Armed robbers stole $53 million worth of valuable jewels on Sunday from the Carlton Intercontinental Hotel in Cannes, in one of Europe’s biggest jewelry robberies in recent years, police said. One expert noted the crime comes after recent escapes from jail by members of the notorious “Pink Panther” jewel thief gang – a real life gang adopting the name of the famous character in Peter Seller’s movie of the same name.
The famous hotel on the exclusive seaside resort’s main drag, Boulevard La Croisette, was hosting a temporary jewelry exhibit over the summer of jewelry provided by Israeli billionaire Lev Leviev’s diamond company.
According to some accounts the theft took place in broad daylight.
This is the third major jewel theft this year in Cannes, the site the world’s most prestigious film festival. During the 2013 film festival in May, US$1.4 million of valuable jewels were stolen from Swiss jewelry firm Chopard, when they were taken from a safe ripped out of the wall of a hotel bedroom. Then a diamond necklace worth $2.6 million was also taken later in the same week.
Life does tend to imitate art, and The Carlton hotel itself was once a prime location for the Alfred Hitchcock classic film “To Catch A Thief”, about a retired jewel thief. Then, in 1973 French film director Claude Lelouche made a very successful comedy “La Bonne Année” about a jewel theft, also from a jewelry store on La Boulevard la Croisette. In a superb early example of commercial product placement the store was readily identifiable in the film as the actual Van Cleef Arpels store on La Croisette – and of course in the film the stolen gems are fully recovered.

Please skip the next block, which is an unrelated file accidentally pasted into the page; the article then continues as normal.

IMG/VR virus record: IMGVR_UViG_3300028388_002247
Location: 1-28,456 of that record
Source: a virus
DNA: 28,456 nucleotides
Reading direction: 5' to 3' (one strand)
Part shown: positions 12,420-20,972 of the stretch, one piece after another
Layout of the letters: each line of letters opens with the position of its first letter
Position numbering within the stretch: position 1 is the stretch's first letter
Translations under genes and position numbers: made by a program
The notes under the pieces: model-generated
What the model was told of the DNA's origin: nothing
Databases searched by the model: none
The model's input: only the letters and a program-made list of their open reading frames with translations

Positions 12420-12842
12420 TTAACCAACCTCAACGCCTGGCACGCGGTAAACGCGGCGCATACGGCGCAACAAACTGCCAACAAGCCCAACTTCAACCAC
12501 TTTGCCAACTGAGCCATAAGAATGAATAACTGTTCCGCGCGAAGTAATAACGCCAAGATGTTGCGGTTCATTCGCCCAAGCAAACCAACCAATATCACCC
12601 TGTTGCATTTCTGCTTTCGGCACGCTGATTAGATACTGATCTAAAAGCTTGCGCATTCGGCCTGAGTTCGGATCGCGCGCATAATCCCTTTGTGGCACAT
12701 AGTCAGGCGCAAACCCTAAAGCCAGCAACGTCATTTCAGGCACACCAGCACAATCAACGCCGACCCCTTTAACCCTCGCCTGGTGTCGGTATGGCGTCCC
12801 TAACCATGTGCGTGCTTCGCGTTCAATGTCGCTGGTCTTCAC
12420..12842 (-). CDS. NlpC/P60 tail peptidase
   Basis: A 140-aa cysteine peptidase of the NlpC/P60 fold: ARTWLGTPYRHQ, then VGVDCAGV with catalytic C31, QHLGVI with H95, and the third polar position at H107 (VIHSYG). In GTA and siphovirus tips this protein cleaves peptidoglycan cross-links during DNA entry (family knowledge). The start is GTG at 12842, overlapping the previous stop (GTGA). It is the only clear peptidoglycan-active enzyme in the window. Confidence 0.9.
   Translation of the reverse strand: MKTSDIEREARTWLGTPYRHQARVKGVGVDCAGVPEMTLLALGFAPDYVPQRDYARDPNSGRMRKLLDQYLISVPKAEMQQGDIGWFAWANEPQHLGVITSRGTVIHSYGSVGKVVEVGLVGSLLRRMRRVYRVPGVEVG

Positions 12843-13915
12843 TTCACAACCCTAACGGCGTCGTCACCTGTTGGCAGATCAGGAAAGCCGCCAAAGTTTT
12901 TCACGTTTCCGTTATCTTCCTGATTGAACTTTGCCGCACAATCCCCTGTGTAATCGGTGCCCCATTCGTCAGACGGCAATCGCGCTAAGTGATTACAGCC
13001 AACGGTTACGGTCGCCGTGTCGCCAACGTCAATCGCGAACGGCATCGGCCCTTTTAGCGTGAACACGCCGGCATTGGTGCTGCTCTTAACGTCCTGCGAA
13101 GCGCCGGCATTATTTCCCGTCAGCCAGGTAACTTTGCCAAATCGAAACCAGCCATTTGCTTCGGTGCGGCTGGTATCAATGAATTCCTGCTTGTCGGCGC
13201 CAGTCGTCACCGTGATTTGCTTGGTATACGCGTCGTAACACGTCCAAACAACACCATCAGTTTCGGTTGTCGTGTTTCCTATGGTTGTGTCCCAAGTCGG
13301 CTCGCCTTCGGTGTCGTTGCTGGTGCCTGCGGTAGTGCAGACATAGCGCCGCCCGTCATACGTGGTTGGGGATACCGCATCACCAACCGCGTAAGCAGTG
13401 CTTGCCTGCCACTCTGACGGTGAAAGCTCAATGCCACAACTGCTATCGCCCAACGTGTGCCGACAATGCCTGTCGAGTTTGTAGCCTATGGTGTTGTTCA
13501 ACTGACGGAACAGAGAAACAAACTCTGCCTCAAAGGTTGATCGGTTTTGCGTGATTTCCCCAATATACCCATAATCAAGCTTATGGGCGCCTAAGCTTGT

Referring to today’s Lev Leviev theft, Jonathan Sazonoff U.S. editor for the Museum Security Network website and an authority on high-value crime said to Associated Press “It’s a huge theft. Anytime you talk about a heist with many millions of dollars it turns heads and feeds the imagination,”
He said the likelihood of recovering the stolen diamonds and jewels is slim, because thieves can easily sell them on. “The fear is, if you’re dealing with high quality minerals, it’s hard to get them back,” Sazonoff said. “They can be broken up and so they can be easily smuggled and sold.”
The valuable gems were supposed to be on public display until the end of August. It was not immediately clear how many pieces were stolen.
Hotel officials were not available for comment, and neither Lev Leviev nor his company have so far made any official comment yet either.
In Belgium just last February some $50 million worth of diamonds were also stolen, while being loaded on a plane headed to Zurich, when hooded robbers drove through a hole cut in the Brussels Airport fence in black cars with blue police lights flashing. They drove onto the tarmac, surrounded the plane waving machine guns, seized the diamonds, then disappeared after just five minutes.
Police operations have since arrested several people and recovered much of the stolen goods.
Then five years ago, in 2008 armed robbers disguised with women’s wigs and clothing made off with jewelry said at the time to be worth over US$100 million from a Harry Winston boutique in Paris which they took in broad daylight. No mention of recoveries has been in that crime.
And also in 2008, thieves drilled a tunnel into a Damiani jewelry company showroom in Milan, Italy, tied up the employees then helped themselves to gold, diamonds and rubies worth some US$20 million.
Sazonoff said it’s normal for robbers to gravitate to a place like Cannes, whose glimmering harbor and glamorous film festival attract the world’s rich and famous. “Why do thieves target Cannes? It’s simple … On the Cote d’Azur, it’s where the monied people flow,” he said.
Credit to Jewish Business News